A simple sign spotted in Red Rooster has gone viral online.
The 13 words attached to the cash register read: “The whole world is short staffed. Be kind to those that showed up.”
Australians responded to the picture on Reddit by sharing similar signs and messages that had popped up at businesses they had come into contact with recently, suggesting a widely shared problem experienced in the wake of the Covid pandemic.
“I rang up StarTrack to book a courier, there was a minute warning on no homophobia, racism, religion, foul language, aggression etc,” one person wrote. “It was one of the most intense, in-depth warnings to customers I had every heard. They clearly had been having issues.”
Another person added: “The amount of stores I have seen with ‘Aggressive behaviour will not be tolerated’ etc. signs since Covid is astounding.
“Before Covid you’d have a sign like this here and there, in particular stores. But like, a toy store? A muffin store? People have become extremely aggressive.”
One person shared that an employee at their local ice cream shop had been attacked by an “enraged” customer last year and the business was closed for about a week.
“I couldn’t imagine how unhinged a person would have to be to feel the need to attack someone at a freaking ice cream shop,” they said.
Some included examples of instances where staff dealing with customers expressed surprise when they weren’t abused over a mistake.
“KFC got my order wrong in the drive thru and made me wait two minutes to fix it and refund me. They were all TERRIFIED of me and were so thankful that I didn’t shout at them,” one person said.
“I rang a hairdresser supplies (company) to nicely enquire about my order (which) was a month late. The customer assistant was baffled and got a tad emotional because I didn’t get angry,” another added.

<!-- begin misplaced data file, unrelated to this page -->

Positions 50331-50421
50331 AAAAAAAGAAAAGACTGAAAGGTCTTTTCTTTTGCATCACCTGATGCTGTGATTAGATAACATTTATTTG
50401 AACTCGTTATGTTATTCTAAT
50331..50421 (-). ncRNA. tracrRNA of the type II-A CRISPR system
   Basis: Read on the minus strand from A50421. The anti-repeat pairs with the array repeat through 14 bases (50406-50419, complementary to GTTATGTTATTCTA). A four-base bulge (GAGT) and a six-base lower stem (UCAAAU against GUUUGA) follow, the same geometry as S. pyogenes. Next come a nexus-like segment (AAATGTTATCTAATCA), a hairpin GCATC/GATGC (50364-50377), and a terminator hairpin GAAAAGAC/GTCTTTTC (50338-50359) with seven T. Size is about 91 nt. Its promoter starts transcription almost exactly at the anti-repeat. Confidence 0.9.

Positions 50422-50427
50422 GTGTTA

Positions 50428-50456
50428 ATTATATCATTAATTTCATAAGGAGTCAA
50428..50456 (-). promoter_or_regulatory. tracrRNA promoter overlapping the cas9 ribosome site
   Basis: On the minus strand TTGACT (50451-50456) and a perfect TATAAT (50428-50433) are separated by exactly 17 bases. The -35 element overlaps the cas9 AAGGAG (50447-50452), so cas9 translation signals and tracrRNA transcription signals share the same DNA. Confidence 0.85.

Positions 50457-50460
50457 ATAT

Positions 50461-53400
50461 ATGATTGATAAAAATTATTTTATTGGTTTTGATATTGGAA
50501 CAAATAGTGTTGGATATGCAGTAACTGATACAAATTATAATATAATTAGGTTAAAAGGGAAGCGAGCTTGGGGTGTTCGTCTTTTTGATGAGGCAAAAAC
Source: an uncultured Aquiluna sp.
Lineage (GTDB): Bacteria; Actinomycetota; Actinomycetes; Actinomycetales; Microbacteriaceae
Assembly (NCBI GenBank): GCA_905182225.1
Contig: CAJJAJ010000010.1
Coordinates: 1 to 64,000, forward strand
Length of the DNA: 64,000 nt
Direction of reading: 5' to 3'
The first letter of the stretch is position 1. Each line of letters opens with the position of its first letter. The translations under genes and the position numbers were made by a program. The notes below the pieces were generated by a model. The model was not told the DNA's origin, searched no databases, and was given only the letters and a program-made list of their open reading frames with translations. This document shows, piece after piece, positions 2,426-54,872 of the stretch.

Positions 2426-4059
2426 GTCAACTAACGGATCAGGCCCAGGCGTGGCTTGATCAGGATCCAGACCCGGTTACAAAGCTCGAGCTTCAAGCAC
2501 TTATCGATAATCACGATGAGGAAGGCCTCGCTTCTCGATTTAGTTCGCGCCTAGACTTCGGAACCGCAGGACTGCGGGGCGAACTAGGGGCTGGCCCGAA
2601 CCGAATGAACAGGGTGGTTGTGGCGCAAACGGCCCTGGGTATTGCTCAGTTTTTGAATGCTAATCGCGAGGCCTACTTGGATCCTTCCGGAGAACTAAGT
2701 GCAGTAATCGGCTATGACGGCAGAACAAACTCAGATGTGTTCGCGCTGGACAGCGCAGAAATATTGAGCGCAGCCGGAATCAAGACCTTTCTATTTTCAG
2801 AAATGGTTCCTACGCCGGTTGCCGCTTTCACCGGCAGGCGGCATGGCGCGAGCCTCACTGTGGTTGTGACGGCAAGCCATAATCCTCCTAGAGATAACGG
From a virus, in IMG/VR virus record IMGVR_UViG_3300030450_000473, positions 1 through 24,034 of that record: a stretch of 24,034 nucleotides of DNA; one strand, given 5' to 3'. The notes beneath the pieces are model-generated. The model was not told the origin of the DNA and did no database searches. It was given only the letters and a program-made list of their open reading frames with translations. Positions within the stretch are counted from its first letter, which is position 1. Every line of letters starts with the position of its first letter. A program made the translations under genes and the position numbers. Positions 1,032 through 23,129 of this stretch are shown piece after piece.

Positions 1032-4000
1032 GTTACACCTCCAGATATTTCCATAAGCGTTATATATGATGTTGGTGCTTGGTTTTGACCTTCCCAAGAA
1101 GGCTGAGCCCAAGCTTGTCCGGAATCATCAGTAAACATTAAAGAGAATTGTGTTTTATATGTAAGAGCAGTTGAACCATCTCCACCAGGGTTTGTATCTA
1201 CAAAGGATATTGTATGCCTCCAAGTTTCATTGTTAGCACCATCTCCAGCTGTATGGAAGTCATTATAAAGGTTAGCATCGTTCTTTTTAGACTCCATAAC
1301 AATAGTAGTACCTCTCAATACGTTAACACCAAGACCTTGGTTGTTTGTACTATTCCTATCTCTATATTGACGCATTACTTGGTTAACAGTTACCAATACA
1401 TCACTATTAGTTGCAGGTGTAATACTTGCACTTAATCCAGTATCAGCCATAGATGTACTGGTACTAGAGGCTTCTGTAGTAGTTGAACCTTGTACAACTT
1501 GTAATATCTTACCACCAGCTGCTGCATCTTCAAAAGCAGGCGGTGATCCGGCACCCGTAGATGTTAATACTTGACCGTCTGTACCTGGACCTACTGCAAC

“I asked her why she was surprised and she said they cop a lot of abuse and horrible comments for late orders. Ridiculous.”
Many argued the Red Rooster sign had the right message – to respect staff – but was there for the wrong reasons.
They claimed companies were short-staffed because they were choosing to increase existing employees’ workloads instead of hiring new staff.
One person who worked for a fast-food franchise said their store displayed a sign saying the store was understaffed but didn’t do anything to fix the problem.
“I happen to know that we got more than SIXTY job applicants who want a position, and they’re giving me the bare minimum hours they can even though I’m willing to work more (and my contract allows more). They’re really milking it tbh,” the worker said.
“There is no labor (sic) shortage. Just a shortage of corporations willing to pay their workers what they’re worth,” commented another person.
“Funny that places say this and yet I’ve been applying for jobs everywhere with plenty of experience and no one bothers to respond,” another wrote. “Seems like it’s the workplaces that don’t want to pay more staff rather than people not wanting to work.”